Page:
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Sleeping and Resting Respiratory Rates of Dogs and Cats with Heart Disease

Date Published: 05/22/2015
Date Reviewed/Revised: 10/23/2023
Brown and white dog sitting on a porch chair
Photo by Sharon Shriver

Many heart diseases, when severe enough, result in congestive heart failure.  When the left side of the heart is diseased, this presents as a build-up of fluid in the lungs, causing breathing difficulties and shortness of breath which can be severe. However, before such signs occur, many animals start to have an increase in their breathing rate.  This can be subtle and is best detected when your pet is sleeping (because there are not a lot of things that affect your pet’s breathing rate when they’re asleep).

Tan long coat Chihuahua laying on a gray couch
Willow is a 14-year-old Chihuahua with heart issues. Photo courtesy of Janet Stomberg

Gray cat sleeping on a wooden floor.

Your veterinarian can use your observational skills and record of your pet’s breathing to help manage your pet's heart disease in three ways:

1. Preclinical heart disease.  Heart disease in dogs and cats that is destined to cause congestive heart failure progresses over time from mild disease to more severe disease. When it gets severe enough, fluid builds up in the lungs (congestive heart failure), requiring treatments to relieve this congestion.  However, before it reaches that stage, your veterinarian might have you start measuring the sleeping respiratory rate (SRR) so that you catch congestive heart failure at the earliest stage possible.  Usually, such measurements start when the disease is moderate-to-severe, but not yet showing signs of congestive heart failure.  Your veterinarian will use tests such as chest X-rays (radiographs) or cardiac ultrasound (echocardiography) to determine when measuring the SRR is appropriate.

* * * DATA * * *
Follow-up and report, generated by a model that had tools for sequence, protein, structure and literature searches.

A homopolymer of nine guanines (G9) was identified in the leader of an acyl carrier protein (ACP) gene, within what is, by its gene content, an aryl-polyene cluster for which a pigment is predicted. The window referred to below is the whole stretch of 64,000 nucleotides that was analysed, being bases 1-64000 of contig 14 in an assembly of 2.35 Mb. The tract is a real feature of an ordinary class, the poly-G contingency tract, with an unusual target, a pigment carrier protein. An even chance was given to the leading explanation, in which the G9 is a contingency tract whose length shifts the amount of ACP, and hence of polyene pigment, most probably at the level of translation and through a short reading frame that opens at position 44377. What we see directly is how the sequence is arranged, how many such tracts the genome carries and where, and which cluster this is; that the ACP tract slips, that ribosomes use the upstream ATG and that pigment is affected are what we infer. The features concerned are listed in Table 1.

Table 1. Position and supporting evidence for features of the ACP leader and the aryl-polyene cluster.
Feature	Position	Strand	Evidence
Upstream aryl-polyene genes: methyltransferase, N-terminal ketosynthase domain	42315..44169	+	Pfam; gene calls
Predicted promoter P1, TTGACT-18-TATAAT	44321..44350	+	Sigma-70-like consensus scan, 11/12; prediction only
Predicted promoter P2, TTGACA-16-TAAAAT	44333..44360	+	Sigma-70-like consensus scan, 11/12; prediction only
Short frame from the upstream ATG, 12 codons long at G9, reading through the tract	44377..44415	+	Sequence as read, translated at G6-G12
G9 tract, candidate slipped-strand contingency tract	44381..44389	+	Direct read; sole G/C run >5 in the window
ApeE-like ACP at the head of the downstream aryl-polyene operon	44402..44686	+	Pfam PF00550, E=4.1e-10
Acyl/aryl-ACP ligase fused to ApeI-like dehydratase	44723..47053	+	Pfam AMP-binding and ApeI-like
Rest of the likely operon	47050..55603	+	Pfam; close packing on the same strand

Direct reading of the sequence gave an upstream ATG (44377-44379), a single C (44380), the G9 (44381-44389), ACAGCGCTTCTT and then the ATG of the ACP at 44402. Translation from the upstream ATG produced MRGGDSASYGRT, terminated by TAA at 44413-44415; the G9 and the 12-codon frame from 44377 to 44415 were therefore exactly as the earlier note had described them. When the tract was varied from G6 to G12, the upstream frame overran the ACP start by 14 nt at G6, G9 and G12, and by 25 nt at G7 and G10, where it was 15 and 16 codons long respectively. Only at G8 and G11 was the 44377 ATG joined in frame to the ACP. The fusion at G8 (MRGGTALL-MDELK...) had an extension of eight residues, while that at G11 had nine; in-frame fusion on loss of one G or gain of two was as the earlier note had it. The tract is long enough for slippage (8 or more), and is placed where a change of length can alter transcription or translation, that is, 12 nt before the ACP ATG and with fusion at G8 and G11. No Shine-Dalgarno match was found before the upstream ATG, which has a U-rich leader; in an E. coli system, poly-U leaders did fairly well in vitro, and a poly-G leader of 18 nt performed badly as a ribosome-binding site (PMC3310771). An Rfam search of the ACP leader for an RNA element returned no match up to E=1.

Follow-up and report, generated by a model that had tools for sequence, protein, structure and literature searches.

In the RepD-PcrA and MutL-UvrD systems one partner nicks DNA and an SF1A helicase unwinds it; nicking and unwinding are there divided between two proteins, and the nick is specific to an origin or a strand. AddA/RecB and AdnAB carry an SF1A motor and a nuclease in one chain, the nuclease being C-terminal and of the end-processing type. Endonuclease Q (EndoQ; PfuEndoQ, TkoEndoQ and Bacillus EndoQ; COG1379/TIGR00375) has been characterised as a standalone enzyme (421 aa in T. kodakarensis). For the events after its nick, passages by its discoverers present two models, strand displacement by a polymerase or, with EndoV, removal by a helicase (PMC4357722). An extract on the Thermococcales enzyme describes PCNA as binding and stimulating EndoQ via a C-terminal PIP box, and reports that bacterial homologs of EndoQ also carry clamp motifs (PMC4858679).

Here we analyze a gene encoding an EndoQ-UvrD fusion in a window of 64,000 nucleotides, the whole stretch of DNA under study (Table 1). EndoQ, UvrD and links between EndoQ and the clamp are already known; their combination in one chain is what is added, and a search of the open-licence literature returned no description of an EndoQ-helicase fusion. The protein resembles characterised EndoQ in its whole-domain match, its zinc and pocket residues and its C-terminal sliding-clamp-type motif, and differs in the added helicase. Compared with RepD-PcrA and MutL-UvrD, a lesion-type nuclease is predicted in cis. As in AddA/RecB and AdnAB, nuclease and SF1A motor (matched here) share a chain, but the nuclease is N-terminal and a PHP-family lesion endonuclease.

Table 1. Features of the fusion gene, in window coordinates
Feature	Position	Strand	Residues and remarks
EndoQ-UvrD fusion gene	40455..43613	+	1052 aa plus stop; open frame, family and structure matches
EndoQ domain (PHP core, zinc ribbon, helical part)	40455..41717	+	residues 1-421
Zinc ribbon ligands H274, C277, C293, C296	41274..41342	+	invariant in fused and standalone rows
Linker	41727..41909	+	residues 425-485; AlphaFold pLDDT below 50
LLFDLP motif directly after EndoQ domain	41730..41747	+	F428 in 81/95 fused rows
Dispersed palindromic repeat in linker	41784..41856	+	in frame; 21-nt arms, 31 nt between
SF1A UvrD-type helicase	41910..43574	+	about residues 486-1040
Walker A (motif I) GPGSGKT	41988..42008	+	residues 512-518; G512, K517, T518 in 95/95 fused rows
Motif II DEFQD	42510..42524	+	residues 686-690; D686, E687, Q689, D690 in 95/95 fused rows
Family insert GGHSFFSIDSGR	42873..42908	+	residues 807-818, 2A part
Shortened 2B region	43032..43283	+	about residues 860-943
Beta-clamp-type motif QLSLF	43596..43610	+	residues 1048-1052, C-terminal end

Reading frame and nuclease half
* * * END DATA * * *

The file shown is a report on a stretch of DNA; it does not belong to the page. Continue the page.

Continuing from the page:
2. Diagnosis of congestive heart failure.  Sometimes signs of congestive heart failure are subtle and easily confused with other non-cardiac diseases. In such cases, your veterinarian might get you to measure your pet’s sleeping respiratory rate (SRR) to help rule out a diagnosis of congestive heart failure – if the rate is normal, congestive heart failure is extremely unlikely and your veterinarian can focus on other causes of your pet’s clinical signs.

3. Management of congestive heart failure (pulmonary edema).  If your veterinarian diagnoses your pet with congestive heart failure and institutes treatment for it (with diuretics and other drugs), they will probably get you to monitor the response to medications by measuring your pet’s sleeping respiratory rate (SRR) at home.  Studies are finding that measuring the SRR is a very sensitive way to tell if your pet’s heart failure is being well controlled by drugs or not.  When the drugs are working well, the pet should be feeling good, but more importantly, the SRR should be between 10-25 breaths per minute (in most cases, it will be less than 30 breaths per minute).  If the SRR increases or exceeds 30 breaths per minute, it might indicate that there is fluid building back up in the lungs.  Your veterinarian will generally recommend you return to the clinic to confirm this is the case, or they might instruct you to increase the dose of diuretics.

How to measure SRR

SRR and RRR (Resting respiratory rate) should be obtained when the pet is comfortable, in a comfortable environment (not too hot or cold), and not after any exertional activity.  If sleeping, the pet should be in a “deep sleep”, not in a twitching or “dreaming” state.

The respiratory rate should be counted for a full minute if possible, although 30 seconds is often sufficient.  One breath is made up of 2 components: breathing in (inspiration or inhalation) and breathing out (expiration or exhalation).

These videos show 2 dogs and a cat either sleeping or resting quietly.  The counter records each breath for over a full minute. Watch these to understand how this is done.

Canine Sleeping Respiratory Rate

Feline Sleeping Respiratory Rate

Canine Resting Respiratory Rate

There’s an App for That!

Apple Store: Ceva’s Cardalis RR app

These allow you to measure the respiratory rate by tapping the screen of your smartphone or tablet in time with the breathing. Once you've got the results, you can email them to your veterinarian and talk about the next steps for your pet's care.

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